Under most household policies, the customer should let their insurer know about a change in circumstances – even if this is working from home. Although burglary has decreased in the past four months due to higher occupation of the home, accidental damage claims, DIY mishaps and home fires have increased. Some polices allow for office/clerical work as part of their standard wording whereas others refer to occasional work or make no reference at all – meaning that insurance could be invalidated if home working is not discussed with insurers, especially if working involves visitors to the home. The author’s own insurance notes occasional clerical work being allowed, but on speaking to the insurer, an endorsement with an associated small additional premium has been made for ongoing regular home working.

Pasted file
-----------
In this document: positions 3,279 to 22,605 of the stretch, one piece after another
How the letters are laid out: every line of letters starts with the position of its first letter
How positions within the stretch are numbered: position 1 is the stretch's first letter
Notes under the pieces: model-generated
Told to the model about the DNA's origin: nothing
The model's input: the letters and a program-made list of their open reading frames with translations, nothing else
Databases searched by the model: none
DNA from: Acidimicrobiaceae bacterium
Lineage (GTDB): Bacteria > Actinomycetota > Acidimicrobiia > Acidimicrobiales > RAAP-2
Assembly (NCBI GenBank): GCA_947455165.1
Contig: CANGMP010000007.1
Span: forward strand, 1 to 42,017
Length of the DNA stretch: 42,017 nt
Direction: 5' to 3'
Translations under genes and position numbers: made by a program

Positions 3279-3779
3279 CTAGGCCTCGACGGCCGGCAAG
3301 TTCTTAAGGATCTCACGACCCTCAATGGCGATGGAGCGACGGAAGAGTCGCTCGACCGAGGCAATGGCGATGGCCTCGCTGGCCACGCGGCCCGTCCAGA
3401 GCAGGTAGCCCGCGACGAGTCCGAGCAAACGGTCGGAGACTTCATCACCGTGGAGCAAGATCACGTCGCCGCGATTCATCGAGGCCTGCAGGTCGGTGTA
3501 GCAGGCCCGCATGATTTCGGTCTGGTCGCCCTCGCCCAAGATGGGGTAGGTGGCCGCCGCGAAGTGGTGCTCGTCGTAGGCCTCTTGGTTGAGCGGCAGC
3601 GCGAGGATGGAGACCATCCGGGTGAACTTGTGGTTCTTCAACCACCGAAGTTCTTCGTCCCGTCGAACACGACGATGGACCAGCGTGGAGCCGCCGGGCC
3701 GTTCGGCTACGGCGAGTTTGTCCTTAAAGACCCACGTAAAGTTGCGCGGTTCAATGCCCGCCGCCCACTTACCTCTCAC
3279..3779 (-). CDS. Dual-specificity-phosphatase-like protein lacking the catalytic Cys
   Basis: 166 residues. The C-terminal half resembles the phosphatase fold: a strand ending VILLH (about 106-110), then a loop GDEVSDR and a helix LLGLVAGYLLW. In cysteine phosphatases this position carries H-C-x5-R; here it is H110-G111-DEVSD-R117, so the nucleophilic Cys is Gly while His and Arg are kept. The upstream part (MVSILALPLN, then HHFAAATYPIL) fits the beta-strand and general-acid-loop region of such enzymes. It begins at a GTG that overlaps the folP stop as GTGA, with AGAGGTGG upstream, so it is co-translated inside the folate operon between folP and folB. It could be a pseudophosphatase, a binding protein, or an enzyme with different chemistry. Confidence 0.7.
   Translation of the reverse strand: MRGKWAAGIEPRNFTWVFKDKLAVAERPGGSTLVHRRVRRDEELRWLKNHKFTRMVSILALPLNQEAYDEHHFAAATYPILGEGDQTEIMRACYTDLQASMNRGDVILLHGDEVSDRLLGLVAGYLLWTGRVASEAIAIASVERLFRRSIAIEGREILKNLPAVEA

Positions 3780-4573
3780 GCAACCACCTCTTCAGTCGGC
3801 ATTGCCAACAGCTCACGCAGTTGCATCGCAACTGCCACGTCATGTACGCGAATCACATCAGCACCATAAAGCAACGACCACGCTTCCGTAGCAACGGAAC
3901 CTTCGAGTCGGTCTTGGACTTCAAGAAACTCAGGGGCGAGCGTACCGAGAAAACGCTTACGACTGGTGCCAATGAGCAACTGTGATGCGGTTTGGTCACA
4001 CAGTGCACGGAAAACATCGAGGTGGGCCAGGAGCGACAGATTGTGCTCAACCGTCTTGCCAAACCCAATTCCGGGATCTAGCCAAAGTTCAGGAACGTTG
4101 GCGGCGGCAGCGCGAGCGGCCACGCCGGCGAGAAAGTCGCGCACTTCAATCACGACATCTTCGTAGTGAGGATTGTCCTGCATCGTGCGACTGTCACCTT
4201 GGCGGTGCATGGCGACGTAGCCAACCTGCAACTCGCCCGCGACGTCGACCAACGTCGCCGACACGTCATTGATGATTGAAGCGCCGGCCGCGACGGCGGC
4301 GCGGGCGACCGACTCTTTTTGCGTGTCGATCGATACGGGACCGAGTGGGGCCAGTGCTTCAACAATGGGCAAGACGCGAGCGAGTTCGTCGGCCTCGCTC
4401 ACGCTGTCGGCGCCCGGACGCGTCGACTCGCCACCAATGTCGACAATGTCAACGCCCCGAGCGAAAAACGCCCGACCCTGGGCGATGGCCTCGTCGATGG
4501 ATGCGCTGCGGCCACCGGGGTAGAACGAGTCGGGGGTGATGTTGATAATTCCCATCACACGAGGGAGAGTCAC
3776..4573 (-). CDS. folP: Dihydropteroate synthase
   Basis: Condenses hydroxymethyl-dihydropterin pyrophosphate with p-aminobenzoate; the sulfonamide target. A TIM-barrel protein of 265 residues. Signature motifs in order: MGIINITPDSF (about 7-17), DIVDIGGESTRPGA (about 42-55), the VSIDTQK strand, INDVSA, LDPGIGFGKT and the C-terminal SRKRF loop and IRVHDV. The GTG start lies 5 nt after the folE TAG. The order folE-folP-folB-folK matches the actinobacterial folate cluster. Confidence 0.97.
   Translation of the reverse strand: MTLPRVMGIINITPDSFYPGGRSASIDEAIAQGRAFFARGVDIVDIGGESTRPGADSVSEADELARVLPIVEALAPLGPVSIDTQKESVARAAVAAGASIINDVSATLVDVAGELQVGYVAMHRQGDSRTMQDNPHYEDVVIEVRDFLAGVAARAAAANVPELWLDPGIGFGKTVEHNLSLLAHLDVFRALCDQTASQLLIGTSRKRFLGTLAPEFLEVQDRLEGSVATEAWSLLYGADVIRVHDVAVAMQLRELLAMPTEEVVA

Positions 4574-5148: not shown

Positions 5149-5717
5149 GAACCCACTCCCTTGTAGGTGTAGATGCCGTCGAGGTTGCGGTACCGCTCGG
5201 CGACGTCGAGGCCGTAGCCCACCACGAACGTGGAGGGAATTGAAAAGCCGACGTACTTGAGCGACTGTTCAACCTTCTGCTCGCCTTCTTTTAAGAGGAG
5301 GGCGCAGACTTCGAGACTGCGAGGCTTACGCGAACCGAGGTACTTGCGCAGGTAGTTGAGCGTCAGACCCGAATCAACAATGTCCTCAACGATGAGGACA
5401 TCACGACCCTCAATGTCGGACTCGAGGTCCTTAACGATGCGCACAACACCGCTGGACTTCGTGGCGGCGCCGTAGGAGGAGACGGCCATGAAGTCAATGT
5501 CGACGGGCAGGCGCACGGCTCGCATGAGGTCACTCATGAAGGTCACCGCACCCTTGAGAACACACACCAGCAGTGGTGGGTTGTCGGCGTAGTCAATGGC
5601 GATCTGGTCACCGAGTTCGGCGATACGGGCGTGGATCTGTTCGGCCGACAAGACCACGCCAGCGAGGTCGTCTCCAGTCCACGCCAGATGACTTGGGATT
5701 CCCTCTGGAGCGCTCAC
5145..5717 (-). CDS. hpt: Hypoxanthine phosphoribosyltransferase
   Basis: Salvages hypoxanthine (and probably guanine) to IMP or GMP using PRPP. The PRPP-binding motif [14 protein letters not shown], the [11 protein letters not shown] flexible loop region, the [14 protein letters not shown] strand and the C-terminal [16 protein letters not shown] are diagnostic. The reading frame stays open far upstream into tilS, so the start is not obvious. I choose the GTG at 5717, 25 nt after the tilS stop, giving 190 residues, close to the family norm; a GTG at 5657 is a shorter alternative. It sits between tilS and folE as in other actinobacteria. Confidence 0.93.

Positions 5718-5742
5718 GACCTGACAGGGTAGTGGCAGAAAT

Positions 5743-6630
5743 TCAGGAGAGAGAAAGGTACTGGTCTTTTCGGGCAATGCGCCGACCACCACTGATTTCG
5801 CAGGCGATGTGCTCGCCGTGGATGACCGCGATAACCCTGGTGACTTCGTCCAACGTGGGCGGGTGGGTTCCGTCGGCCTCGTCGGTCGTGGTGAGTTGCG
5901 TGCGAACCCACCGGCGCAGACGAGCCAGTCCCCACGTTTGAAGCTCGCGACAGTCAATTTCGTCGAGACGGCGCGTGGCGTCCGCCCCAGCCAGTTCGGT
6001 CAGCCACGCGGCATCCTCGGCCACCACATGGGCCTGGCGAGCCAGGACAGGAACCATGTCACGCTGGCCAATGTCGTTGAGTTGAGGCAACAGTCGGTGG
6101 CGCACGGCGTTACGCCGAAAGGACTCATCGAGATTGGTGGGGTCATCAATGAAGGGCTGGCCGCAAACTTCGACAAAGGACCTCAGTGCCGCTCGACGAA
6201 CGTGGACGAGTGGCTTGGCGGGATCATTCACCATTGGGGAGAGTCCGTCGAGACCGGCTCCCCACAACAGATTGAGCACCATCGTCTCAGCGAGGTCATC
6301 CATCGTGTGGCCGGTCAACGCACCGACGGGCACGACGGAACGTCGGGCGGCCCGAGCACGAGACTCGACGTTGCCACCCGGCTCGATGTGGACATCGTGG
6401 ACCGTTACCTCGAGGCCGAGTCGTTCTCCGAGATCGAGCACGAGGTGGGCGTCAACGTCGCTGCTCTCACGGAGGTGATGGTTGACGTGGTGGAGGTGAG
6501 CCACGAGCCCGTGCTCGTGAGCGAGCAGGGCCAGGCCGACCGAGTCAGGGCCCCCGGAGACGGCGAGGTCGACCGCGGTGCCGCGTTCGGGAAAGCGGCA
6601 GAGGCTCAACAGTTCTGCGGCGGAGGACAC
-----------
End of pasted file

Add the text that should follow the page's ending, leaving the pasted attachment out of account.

For those with second and holiday homes insured under their policies, insurers had also waived the requirement for properties to be regularly checked, if they were suitably secure. However, these inspections will need to either be restarted, or insurers consulted about the ongoing issues.
2. Does my Motor Insurance cover me as a key worker and/or employee returning to the office?
Although many people did not use their car for a few months earlier this year, others used their cars whilst volunteering, shopping for others, getting prescriptions or becoming NHS Volunteer Responders. Similarly to household cover, insurers gave support to these people by extending the cover on motor policies so that if the use of the car changed, Insurers did not have to prepare an endorsement for the cover. This included key workers using their cars while public transport was limited or suspended.
Going forward, anyone continuing to volunteer, or key workers continuing to use their own cars, will need to check their cover and speak to insurers to update this if required. If you are an employee returning and choosing to drive to work rather than using public transport, you will need to check that your insurance covers commuting to and from work.